The Bavarian has threatened to use his powers as interior minister to order the border is secured unlitaterally — a move which would likely result in Merkel moving to sack him, the CSU walking out of government, and her fragile ‘grand coalition’ unravelling.
Germany is currently admitting around 11,000 asylum seekers every month, according to The Times.
Disagreements on asylum and migration policy between Seehofer and Merkel are nothing new, with Seehofer previously demanding an upper limit of 200,000 migrants per year and even threatening not to campaign with Merkel and the CDU over the issue in late 2016.
Since then, the rise of the anti-mass migration Alternative for Germany (AfD) to becoming the official opposition to the current grand coalition government in the Bundestag has seen the CSU react by embracing a tougher line on mass migration and champion more conservative social issues, even ordering crosses be put up in government buildings to assert Bavaria’s “cultural identity.”
One of the main considerations for the CSU in the near-term is the looming Bavarian elections scheduled for October of this year. Traditionally, the CSU has managed to form a majority on its own, but the rise of the AfD has sapped away support, leaving the CSU with around 40 percent of the vote according to current polls.
According to German newspaper Die Welt, the current tough stance on mass migration by Seehofer is popular in Bavaria and could explain the party taking the position to try and drive votes back from the AfD.
In the past Chancellor Merkel has been able to dismiss concerns from the CSU but her position as much weaker following one of the worst election results the CDU has ever seenin last year’s national election.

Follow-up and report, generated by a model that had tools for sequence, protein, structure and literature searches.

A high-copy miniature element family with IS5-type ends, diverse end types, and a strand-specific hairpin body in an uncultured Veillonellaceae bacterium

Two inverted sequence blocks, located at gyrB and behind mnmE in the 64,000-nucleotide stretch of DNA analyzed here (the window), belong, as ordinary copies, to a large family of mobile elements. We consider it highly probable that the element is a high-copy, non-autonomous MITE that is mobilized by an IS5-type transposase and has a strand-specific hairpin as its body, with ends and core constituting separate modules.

German media have painted a grave picture for the future of Chancellor Merkel, with the Mannheimer Morgen writing that she “has been plucked like a hen after slaughter,”and that her power now merely existed on paper.
from usapoliticstoday website
New York Senate approves bill creating commission to oversee prosecutors
State lawmakers moved Thursday to create a special panel to police prosecutors.
The GOP-controlled Senate, by a vote of 44-12, approved legislation that would create a Commission on Prosecutorial Conduct to oversee the actions of district attorneys across the state.
“The liberties of those at stake in criminal prosecutions call for this level of scrutiny and protection,” said Senate Deputy Majority Leader John DeFrancisco (R-Syracuse), who introduced the bill and has been pushing for its passage for years. “There has to be a remedy if a prosecutor acts improperly.”
The measure now heads to the Democrat-controlled state Assembly, which is likely to approve the measure.
Servers offer their two cents on eliminating tip wages
The past year has seen a surge of stories about sexual harassment, from the political world to Hollywood, in business and in communities.
In New York and many other states, sexual harassment has been seen as a problem in the food service industry in particular.
In December 2017, the U.S. Department of Labor, aligning itself with the National Restaurant Association, proposed a rule that would allow employers to keep workers’ tips when they are paid at least the minimum wage. The idea was that tipping was to blame for high rates of sexual harassment in the restaurant industry.
New York Gov. Andrew Cuomo has said he plans to end minimum wage tip credits and instead have servers, like other workers, earn a flat rate.
Those in support of a flat pay rate say that, under the current system, sometimes a server has to choose between overlooking inappropriate behavior and risking the loss of a tip by protesting.